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Finweek - English 04 April 2019

Finweek is South Africa’s leading financial weekly magazine focusing on investment. With its brisk, creative and authoritative analysis of business and investment issues, it’s an essential business tool in the daily battle for competitive advantage. Today's business decision-makers have to cope with increased pressure on their time and are expected, more than ever before, to succeed in the face of stiffer competition. Finweek provides relevant information in quick bytes, along with award-winning investment advice.

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from the editor

when the lights stay on for a couple of weeks, it’s quite easy to forget that we are a country with a power utility in dire straits. Then, suddenly one morning, Eskom announces stage 2 or stage 4 load shedding, and reality literally hits home. At work, generators keep most of the computers and some of the lights on. Newspapers place Eskom squarely back on their front pages, and columnists remind us of exactly how bad the crisis is. And how prolonged it is expected to be. Let me share an ironic moment with you. It’s one I often think about in the seconds after the office lights go out (and before the generator kicks in). Quite a few years back, I worked for an agricultural publication. The editor and I had an…

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rebel with a cause

in the 1990s, Paul Krugman, who later won the Nobel prize for his work on trade, wrote: “There is nothing that plays worse in our culture than seeming to be the stodgy defender of old ideas, no matter how true those ideas may be. Luckily, at this point the orthodoxy of the academic economists is very much a minority position among intellectuals in general; one can seem to be a courageous maverick, boldly challenging the powers that be, by reciting the contents of a standard textbook.” Krugman wrote to explain comparative advantage: the idea that trade between two countries raises the incomes of both. It’s a simple and powerful idea, first proposed by David Ricardo, and was responsible for the massive expansion in global trade in the second half of the…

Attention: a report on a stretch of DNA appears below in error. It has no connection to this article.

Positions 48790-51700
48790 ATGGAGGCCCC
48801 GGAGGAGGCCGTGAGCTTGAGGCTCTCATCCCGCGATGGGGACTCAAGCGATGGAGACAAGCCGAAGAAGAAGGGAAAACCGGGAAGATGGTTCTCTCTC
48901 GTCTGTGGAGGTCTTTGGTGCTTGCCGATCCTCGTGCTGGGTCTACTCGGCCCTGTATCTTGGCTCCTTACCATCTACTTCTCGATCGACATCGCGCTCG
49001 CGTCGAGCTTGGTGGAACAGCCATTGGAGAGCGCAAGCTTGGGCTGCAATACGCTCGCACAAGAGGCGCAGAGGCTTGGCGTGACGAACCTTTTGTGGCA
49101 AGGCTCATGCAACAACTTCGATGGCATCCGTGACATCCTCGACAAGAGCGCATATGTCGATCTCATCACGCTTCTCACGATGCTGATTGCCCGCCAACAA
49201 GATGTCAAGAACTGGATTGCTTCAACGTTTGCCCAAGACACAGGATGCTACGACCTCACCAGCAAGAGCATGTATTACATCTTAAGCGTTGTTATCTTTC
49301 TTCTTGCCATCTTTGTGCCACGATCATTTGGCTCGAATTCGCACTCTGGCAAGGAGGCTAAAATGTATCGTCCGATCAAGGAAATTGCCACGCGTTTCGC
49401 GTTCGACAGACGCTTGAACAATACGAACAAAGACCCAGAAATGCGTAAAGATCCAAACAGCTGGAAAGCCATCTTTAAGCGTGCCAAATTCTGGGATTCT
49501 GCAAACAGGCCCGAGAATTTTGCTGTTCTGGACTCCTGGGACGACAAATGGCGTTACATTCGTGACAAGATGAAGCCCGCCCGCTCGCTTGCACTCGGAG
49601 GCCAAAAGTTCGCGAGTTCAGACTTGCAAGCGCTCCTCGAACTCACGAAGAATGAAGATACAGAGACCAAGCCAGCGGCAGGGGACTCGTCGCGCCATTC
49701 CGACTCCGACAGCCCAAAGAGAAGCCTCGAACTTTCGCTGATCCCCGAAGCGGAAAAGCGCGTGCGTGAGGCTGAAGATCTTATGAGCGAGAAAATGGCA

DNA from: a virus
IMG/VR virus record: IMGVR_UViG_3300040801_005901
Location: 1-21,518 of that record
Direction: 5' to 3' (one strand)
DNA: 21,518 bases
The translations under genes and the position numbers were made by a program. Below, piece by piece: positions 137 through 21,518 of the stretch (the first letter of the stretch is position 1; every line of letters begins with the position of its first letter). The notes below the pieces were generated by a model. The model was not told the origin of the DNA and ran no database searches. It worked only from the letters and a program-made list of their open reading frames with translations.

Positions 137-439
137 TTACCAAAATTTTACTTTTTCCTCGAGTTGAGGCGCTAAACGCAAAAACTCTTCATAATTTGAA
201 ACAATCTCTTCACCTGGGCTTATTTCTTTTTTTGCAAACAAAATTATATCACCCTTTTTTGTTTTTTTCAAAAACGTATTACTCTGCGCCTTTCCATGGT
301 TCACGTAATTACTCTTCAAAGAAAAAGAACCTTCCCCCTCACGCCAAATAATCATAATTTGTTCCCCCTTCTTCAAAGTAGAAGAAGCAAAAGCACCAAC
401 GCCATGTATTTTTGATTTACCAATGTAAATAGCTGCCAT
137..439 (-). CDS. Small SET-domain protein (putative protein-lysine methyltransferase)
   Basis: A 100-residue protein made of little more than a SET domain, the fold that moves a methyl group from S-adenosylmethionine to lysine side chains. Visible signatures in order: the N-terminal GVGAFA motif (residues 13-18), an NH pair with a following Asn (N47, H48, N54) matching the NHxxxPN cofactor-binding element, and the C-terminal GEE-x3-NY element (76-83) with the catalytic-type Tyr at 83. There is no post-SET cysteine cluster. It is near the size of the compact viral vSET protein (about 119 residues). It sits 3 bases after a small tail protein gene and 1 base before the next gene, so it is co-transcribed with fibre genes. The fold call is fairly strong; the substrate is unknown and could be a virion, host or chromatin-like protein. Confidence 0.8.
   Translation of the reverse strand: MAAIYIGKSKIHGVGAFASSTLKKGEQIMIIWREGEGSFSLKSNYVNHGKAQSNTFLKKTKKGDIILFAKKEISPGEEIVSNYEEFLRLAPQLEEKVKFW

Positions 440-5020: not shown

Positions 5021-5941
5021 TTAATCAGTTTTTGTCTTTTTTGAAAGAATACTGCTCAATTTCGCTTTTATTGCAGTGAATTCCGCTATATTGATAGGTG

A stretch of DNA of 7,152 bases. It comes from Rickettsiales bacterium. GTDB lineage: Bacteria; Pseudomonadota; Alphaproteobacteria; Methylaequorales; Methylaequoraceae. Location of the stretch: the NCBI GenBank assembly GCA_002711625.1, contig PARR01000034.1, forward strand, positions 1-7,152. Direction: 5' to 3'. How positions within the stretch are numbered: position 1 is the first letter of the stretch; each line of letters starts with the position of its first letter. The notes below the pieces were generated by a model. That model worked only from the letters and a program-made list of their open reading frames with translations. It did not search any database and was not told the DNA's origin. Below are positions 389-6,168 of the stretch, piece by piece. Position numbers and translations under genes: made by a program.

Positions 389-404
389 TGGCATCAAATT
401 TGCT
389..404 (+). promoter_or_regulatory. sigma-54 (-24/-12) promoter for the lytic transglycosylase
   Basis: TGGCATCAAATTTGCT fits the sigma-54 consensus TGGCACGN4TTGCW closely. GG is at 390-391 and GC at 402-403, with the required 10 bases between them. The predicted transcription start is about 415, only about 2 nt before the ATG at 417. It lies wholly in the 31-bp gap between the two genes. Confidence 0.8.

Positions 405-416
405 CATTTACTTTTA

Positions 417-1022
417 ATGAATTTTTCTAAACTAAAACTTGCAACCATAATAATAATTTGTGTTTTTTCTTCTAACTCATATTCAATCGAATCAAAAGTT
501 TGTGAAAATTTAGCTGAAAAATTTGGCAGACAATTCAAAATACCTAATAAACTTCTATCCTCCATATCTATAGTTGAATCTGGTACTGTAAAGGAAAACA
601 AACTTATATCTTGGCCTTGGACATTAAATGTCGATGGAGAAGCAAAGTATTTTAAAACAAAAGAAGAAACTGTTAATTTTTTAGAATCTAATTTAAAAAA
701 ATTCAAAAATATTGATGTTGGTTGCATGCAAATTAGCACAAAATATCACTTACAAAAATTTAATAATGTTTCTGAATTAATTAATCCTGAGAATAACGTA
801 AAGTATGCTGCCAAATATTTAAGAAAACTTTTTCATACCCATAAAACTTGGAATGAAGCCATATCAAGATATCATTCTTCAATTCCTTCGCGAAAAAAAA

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why eskom is unfixable

eskom is unfixable. Every big decision taken around Eskom over the past three months has probably made matters worse. Let’s start with the biggest of the (multitude of) problems. Money. Eskom has none, and the hole is getting 31 March 2019 report its biggest loss ever, in all likelihood between R20bn deeper. Later this year – for the financial year to – Eskom will and R30bn (2018: R4.6bn loss). The company already sits with escalating debt of R420bn. In February this year Eskom got a bailout from the state amounting to R150bn over the next ten years. The shorter-term portion, a rescue plan for the first three years from 1 April 2019, amounts to R23bn per year over the three years. It is not nearly enough. By March 2019 Eskom had burnt…

access_time4 min.
in brief

“WE’LL LOOK AS RIDICULOUS AS THE REPUBLICANS DID DURING THE OBAMA ADMINISTRATION IF WE CONTINUE DOWN SOME PATH OF CALLING FOR AN IMPEACHMENT WHEN THERE IS NO CAUSE.” – Democratic political consultant Colin Strother after special counsel Robert Mueller released a report that found no evidence of US President Donald Trump’s campaign colluding with Russia in the 2016 election, as quoted in Business Day. US Attorney General William Barr said the report did not present enough evidence to warrant charging Trump with obstruction of justice. Though the report does not conclude that the president committed a crime, it also does not exonerate him on an obstruction of justice issue. The New York Times reported thatTrump mischaracterised it as “a complete and total exoneration” in a comment to journalists. “THE NINE WASTED YEARS…

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finding a spot in the local music streaming market

two weeks before making its grand entrance onto the public markets with its IPO on the NYSE, music streaming giant Spotify went live in South Africa (in March 2018). Some critics saw this as a little too late to the party as Apple music, Deezer and Google Play Music had already claimed their stakes. But Spotify was instantly popular. Spotify is the world’s largest global music streaming service, giving users access to over 40m songs, podcasts and other content from artists all over the world. Launched in 2008, the service boasts 207m monthly active users, 96m of which are paying subscribers. Non-paying users can use the service forfree albeit with adverts in-between shuffled songs, while users who foot the R59.99/month subscription get no adverts, offline listening, unlimited skips, high-quality audio and shuffle play. Early…

access_time3 min.
carbon’s taxing affair

what’s planned by government is a delicate eggs en cocotte, but it’s more likely the country’s mining sectorwill be served a regular scrambled. That’s the gastronomic equivalent of the proposed carbon tax which is due foradoption by the National Council of Provinces during the week this edition of finweek went to print, and effective 1 June. The premise is a tax of R120 per tonne of carbon dioxide (CO2) in its first phase. Some offsets are allowed by up to 70% of the total tax, but even considering this, the Minerals Council of South Africa considers the tax onerous and is not lending its support to the legislation, officially known as the CarbonTax Act. “Carbon taxes are part of the toolbox in dealing with climate change, so we accept it,” said Roger Baxter,…